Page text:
If your neighbour’s behaviour is violent or threatening, always contact the police (external link).
If you, or anyone else, is in immediate danger call 999.
A dispute with your neighbour can be distressing. But your neighbour is often unaware they’re disturbing you or causing distress.
In the first place, let them know they’re disturbing you. You could do this by talking or writing to them.
Talk to your neighbour
If you feel comfortable doing so, talking to your neighbour is always a good place to start.
Explain to them what the problem is and how they can solve it.
It’s important to only talk to your neighbour when you feel calm. Don’t talk to your neighbour if you’re feeling angry, as things can quickly get out of control.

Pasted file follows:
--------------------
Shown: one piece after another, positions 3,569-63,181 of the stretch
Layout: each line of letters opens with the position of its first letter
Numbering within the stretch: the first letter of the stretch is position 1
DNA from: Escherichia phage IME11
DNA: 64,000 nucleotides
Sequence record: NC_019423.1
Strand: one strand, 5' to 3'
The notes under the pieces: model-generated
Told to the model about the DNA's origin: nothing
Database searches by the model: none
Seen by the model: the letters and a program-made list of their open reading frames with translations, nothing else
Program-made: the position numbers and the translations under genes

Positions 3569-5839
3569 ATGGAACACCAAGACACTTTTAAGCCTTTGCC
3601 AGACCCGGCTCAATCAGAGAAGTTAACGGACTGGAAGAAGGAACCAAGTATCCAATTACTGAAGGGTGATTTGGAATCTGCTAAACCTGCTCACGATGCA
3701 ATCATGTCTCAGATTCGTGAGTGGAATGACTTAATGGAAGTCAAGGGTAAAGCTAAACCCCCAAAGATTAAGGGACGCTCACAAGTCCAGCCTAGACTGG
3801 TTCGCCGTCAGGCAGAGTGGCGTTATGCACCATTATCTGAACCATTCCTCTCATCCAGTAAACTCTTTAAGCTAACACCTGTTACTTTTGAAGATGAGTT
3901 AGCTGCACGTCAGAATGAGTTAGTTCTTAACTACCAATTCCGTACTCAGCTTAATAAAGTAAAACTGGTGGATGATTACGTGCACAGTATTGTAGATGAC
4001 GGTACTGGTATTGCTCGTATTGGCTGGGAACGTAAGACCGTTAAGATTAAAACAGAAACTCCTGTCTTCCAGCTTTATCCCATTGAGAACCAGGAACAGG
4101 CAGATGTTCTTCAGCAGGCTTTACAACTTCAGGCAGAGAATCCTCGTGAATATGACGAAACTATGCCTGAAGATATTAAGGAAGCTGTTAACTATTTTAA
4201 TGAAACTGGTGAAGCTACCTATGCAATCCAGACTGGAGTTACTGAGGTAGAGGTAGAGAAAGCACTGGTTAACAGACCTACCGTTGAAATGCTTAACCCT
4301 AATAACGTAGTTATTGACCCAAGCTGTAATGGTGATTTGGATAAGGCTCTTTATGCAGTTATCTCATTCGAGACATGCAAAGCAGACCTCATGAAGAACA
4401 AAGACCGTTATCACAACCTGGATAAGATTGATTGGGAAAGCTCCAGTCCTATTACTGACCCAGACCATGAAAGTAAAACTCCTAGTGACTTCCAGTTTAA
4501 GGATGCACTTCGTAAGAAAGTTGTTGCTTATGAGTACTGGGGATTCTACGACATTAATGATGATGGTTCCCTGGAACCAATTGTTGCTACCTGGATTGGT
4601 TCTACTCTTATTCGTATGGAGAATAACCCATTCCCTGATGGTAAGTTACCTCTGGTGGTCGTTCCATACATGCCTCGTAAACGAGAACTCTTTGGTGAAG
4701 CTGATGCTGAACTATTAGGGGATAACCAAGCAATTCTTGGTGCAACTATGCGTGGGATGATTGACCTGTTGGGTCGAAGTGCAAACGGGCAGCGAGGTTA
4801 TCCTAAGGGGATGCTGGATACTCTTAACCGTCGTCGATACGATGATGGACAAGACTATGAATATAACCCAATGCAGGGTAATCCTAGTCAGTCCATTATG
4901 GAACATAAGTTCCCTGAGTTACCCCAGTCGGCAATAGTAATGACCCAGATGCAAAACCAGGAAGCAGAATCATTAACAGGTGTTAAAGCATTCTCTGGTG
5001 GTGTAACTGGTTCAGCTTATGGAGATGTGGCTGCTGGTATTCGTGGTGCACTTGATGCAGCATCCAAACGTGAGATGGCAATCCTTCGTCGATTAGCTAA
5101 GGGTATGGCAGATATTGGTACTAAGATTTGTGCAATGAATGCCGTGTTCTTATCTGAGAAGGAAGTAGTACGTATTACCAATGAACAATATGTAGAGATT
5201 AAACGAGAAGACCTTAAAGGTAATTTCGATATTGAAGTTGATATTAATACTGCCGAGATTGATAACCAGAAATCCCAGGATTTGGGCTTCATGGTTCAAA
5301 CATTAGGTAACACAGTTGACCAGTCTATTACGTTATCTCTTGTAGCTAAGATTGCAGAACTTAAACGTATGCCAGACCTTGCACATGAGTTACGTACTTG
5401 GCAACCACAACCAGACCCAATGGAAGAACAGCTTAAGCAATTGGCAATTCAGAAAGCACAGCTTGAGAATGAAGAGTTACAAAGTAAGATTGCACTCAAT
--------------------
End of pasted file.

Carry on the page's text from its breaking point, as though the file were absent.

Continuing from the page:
If you don’t feel comfortable talking to you neighbour, you could write to them instead.
Write to your neighbour
A ‘Dear neighbour’ letter is a polite note you can give to your neighbour or put through their letterbox. It says what behaviour is disturbing you and asks them to stop.
You can print and complete our Dear neighbour letter (PDF, 58KB) template. If you don’t have a printer, you can copy it onto a piece of paper.
Contact your neighbour’s landlord
If you know your neighbour’s landlord, you could contact them and see if they can help. The landlord could be a housing association.
Other ways to resolve a dispute
If you’ve spoken or written to your neighbour and the problem hasn’t stopped, you can:
- find further information on how you can resolve a neighbour dispute on GOV.UK (external link)
- get practical advice from Citizens Advice (external link)
- report it to us
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